Hands on with Norton iAntivirus 1.0
Viruses on the Mac — self replicating and spreading malware — are nonexistent, though there seems to be no shortage of trojans, such as the infamous FlashBack Trojan which infected hundreds of thousands of Macs. Whether the current threat is menacing or existential can be argued, yet an increasing number of Mac users have rightly gotten religion about security and that means antivirus software, which has in turn sparked vendor interest.
Enter Norton and its launch of iAntivirus 1.0, a revival of an older brand that now brings an interesting (useful?) spin on security to the Mac:
• Award-winning technology blocks threats before they damage your Mac, iPhoto pictures, iTunes media and other important Stuff
• Innovative “carousel” interfaces lets you use two fingers to swipe between your home folder and full system and other scanning options
• Lets you quickly and easily scan files by simply dragging and dropping them onto iAntivirus
• Built for speed from the ground up, so it won’t get in the way of your Mac experience
• Works against Windows threats too, to make sure the docs you share are safe for everyone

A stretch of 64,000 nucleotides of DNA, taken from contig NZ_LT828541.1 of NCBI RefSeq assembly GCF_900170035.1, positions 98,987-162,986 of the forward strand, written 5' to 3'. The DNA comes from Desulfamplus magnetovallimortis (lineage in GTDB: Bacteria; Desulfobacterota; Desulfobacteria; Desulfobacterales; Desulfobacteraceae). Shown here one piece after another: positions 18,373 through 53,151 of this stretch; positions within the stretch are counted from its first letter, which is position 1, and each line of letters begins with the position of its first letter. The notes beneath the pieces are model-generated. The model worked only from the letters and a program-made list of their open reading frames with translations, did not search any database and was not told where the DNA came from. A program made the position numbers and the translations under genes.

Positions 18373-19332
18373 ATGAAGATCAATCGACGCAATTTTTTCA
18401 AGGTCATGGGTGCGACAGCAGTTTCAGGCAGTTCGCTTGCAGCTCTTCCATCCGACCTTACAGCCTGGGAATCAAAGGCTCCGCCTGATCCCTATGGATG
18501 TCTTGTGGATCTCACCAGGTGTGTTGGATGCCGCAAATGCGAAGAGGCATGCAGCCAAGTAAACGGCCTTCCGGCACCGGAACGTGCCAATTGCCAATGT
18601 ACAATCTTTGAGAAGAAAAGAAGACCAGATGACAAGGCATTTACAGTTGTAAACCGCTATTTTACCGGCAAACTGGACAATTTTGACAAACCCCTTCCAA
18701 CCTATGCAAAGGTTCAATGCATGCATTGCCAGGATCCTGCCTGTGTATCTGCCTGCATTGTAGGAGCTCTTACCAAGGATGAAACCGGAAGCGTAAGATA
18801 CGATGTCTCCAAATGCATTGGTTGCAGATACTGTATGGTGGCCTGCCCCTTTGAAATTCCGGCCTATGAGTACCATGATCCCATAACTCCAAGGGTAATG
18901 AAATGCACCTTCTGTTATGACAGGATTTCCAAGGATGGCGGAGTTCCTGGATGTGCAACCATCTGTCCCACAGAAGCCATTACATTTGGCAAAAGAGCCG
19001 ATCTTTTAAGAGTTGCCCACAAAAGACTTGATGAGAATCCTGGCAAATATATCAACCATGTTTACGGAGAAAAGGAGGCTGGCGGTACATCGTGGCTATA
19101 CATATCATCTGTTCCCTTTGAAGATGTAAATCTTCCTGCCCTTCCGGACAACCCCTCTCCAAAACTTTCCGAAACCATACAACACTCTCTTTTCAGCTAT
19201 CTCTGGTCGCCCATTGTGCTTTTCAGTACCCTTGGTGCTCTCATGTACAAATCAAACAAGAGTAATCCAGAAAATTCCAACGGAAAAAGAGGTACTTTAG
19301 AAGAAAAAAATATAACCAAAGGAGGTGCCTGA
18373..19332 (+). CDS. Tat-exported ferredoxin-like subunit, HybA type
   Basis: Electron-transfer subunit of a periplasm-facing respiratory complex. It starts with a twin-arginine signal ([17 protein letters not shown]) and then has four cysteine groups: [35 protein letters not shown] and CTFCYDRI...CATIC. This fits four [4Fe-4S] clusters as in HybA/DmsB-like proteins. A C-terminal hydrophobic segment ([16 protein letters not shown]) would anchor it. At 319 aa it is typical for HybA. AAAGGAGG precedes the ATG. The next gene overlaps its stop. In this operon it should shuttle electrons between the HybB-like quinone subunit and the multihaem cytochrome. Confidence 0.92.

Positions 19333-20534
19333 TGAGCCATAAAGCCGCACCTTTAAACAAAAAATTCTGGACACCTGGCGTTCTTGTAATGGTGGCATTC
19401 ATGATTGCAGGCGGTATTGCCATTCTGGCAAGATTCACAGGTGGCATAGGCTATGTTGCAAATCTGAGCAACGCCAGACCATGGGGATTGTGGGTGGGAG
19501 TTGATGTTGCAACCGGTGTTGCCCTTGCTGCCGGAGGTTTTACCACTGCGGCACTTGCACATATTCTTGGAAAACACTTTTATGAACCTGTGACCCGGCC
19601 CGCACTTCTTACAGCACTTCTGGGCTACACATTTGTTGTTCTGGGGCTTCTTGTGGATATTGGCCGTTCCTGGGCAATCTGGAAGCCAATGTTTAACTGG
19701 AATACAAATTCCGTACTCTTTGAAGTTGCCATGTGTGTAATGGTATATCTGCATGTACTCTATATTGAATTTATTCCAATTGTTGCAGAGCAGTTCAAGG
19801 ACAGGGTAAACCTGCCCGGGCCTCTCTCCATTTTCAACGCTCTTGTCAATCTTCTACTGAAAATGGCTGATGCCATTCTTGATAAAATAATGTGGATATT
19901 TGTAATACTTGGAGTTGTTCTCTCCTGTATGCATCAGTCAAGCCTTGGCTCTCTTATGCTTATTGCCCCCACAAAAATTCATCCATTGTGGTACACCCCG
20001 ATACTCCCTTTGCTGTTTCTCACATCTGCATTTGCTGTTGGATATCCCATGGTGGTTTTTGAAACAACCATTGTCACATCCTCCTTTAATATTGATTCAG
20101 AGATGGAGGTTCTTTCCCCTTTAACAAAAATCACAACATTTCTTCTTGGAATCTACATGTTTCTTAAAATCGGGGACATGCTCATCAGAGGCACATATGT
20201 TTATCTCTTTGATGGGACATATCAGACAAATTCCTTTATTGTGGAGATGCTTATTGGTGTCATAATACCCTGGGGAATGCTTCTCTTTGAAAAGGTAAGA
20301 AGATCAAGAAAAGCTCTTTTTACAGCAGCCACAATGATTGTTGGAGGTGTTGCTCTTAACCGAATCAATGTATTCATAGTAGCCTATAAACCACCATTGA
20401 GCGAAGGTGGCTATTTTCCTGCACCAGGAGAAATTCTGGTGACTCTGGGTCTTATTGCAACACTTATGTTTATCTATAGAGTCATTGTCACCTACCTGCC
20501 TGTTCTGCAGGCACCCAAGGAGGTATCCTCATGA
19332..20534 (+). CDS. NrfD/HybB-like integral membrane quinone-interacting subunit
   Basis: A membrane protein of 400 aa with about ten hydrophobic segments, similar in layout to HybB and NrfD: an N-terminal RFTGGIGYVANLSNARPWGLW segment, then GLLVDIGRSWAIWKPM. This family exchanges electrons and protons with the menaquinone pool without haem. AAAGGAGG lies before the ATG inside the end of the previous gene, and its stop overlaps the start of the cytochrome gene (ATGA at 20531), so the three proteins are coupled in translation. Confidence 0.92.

• Updates available regularly through the App Store to help detect the latest breaking threats
And, carousel? I think they should call that feature “lazy Susan.”
Not among the bullet points is the ability to scan your Facebook wall for links that could pose a security threat, think phishing, known driveby websites (i.e. Flashback) and scams — yes, you will need to provide your FB login information.
As of press time, Norton’s “Web Safe” Facebook app, which you must activate and give permission to scan your wall (and monitor most everything you do on Facebook), generates errors when I tried opening it either in Safari 5.1.7 or Firefox 12.
A brief hands on
That said, I performed a home directory (11.6GB) scan and it completed in about four minutes and unsurprisingly found nothing as I’m ClamXav user that keeps a tight lid on security. RAM usage remained relatively constant at a modest 360MB, though CPU usage regularly spiked above 70 percent, leading to noticeable lag in Safari webpage loading.
So, if you have a huge home directory, your Mac could become sluggish and annoying to use.
With that in mind, Norton iAntivirus only scans when you tell it to and won’t watch/sentry your Download, Desktop, Mail, etc. folders for threats, which is rather the point of having antivirus software. Likewise, you can’t schedule iAntivirus to run, for example, in the middle night, obviating the performance hit.
This free app is the gateway drug for Norton Antivirus 12 ($49.99) for Mac and Norton Internet Security 5 for Mac ($69.99), which can be set up to sentry specific folders, perform scheduled scans of your hardware and, in the case of the latter, monitor your online activities.
Norton iAntivirus 1.0 is free and available on the Mac App Store.
Death and renewal. PC Tools created the original iAntiVirus (note the cap “V”) and sold it through the first few months of this year, though updates stopped several years ago.